Sharona Shapiro, the American Jewish Committee's Michigan director, has written what might be a break-through article "Beware Youthful Dearborn's Angry Intolerance." She worries about the legions of young Islamists in the metro Detroit area. She begins by lauding the historic civility between diverse ethnic and interfaith groups – until what she heard and saw at recent anti-war rallies in Detroit and Dearborn. Shapiro recounts her experience at a Dearborn rally on July 18.
I never felt so alone in my life. I understand tensions are high in the Arab-American community. I sincerely sympathize with the deep concern for family and friends in Lebanon; I, too, worry about family and friends in Israel. Yet it is one thing to criticize Israeli policy, and quite another to compare Israeli actions to Nazi Germany's final solution that exterminated 6 million Jews. As I walked among the rally participants, several thoughts rushed through my mind. The first was how young many of them were. A whole generation of metro Detroiters — our future neighbors, schoolmates, co-workers and leaders — will remember this day forever.
Second, I struggled to come to grips with how Hezbollah leader Sheikh Hassan Nasrallah could be so glorified. Nasrallah heads an extremist terrorist group that frequently calls not only for "death to Israel," but also "death to America." Hezbollah is responsible for the deaths of hundreds of American soldiers in Lebanon, and hundreds of innocent civilians. As an American and a Jew, it is difficult for me to understand why so many Arab Americans in my community venerate him and others of his ilk.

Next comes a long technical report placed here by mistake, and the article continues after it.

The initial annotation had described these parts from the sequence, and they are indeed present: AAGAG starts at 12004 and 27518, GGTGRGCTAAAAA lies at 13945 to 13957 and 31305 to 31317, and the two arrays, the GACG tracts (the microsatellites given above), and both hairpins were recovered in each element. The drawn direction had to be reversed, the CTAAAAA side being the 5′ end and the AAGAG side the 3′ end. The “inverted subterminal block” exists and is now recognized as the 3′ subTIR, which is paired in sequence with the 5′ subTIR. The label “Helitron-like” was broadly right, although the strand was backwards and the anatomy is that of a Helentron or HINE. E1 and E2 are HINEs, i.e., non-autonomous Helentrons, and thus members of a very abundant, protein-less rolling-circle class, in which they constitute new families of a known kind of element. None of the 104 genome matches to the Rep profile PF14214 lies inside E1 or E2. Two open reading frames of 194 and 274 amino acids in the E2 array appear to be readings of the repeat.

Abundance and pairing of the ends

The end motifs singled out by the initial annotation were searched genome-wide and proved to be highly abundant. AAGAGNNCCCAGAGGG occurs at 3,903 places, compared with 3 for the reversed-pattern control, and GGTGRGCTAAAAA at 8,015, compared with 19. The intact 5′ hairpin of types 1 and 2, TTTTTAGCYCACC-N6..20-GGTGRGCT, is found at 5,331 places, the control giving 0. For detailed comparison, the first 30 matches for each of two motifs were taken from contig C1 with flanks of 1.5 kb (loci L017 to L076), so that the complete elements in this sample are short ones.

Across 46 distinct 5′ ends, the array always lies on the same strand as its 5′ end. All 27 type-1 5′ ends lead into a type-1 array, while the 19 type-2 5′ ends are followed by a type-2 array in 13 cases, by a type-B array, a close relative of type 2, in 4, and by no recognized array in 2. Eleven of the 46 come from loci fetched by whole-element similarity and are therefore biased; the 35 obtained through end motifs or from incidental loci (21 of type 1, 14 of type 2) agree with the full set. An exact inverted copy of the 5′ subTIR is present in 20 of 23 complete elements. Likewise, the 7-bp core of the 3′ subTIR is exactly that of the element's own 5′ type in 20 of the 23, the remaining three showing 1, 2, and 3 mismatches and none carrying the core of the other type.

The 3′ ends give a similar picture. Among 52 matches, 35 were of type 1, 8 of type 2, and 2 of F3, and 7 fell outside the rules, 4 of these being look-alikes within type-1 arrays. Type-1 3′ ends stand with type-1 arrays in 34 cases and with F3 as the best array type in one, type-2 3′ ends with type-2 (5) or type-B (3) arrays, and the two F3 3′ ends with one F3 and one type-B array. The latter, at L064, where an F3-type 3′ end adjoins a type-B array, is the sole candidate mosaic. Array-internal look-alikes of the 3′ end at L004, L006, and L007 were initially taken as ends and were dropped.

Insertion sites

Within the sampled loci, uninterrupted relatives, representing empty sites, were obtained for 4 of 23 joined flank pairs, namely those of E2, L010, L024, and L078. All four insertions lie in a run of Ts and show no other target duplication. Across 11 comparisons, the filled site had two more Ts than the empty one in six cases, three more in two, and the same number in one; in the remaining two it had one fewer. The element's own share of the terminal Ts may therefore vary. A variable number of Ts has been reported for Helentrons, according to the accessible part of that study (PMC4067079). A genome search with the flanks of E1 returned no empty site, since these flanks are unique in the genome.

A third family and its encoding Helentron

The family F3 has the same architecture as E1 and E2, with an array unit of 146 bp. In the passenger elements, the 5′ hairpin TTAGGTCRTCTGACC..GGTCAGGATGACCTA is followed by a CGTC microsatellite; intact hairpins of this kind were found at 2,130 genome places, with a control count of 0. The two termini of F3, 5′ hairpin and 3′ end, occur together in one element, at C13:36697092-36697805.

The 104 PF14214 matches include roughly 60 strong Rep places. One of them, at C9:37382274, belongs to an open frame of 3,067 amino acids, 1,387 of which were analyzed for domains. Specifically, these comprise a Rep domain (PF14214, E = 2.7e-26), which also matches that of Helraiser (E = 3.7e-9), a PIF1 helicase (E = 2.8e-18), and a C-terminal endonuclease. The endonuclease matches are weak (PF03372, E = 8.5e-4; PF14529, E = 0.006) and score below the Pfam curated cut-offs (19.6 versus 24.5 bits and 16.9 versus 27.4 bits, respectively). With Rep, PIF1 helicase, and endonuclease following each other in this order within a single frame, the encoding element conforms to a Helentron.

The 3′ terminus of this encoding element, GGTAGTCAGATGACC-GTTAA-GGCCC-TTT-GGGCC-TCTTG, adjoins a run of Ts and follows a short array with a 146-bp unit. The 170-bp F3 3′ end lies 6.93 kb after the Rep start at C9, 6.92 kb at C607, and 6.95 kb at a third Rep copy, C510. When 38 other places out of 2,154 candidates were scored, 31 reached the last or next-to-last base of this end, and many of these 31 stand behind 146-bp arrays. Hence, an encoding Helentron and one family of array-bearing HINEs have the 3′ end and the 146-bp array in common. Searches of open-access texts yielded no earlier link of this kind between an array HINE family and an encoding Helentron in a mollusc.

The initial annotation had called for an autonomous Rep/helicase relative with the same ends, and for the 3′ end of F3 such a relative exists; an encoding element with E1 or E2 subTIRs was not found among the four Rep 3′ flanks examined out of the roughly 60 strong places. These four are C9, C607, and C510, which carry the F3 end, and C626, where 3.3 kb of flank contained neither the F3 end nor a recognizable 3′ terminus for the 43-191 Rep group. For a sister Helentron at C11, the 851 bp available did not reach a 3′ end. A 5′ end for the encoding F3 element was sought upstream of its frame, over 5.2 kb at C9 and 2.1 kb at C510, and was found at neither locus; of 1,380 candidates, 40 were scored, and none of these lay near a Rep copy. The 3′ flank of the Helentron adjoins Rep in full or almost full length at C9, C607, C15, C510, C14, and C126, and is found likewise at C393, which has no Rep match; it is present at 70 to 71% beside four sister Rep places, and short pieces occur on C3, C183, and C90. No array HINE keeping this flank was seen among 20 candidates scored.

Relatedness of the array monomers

Finally, the antisemitic placards at the rally were a horrendous display of Israel as Nazi obsession. Signs compared President Bush to Adolf Hitler and equated Stars of David with Nazi swastikas; one sign read, "Israel Nazi Are the Same Thing." This ugly comparison demeans the victims, Jewish and non-Jewish alike, of Nazi genocide, demonizes Israelis, and dehumanizes those who support Israel.
Shapiro concludes, reluctantly, that "the Jewish community here should be alarmed about what the future will be like for our children, and their children, in metro Detroit. The Arab Americans' youthfulness and sheer numbers must be noted. They are learning quickly about political activism in America, and have connections with activist groups throughout the world."
Operationally, she reaches the right decision: "we cannot continue relationships with individuals who refuse to acknowledge certain fundamental realities and core values that we hold so dear." But she hopes Jews will remain receptive "to the moderate courageous voices — and there are such voices — who reach out and accept these core values. We must shore up those in the Arab American community who seek to become partners."
Comments: (1) I cannot recall seeing before a member of the American Jewish establishment saying that Jews "should be alarmed about what the future will be like" in any part of the United States. (2) Shapiro's article came out on quite a day – when Naveed Haq engaged in an anti-Jewish jihad in Seattle, killing one person and injuring five. (3) Her current analysis is all the more interesting when one notes that as recently as December 2005, she appeared to be oblivious to the dangers of radical Islam. Here Shapiro is, quoted in the Detroit Free Press as critical of the television mini-series Sleeper Cell: ""What concerns me is that the vast majority of Americans ... have no contact with the real Islam. A lot of what's shown in this series is really far-fetched. Some of it is just plain wrong. And I don't think most viewers are able to sort it all out." (July 28, 2006)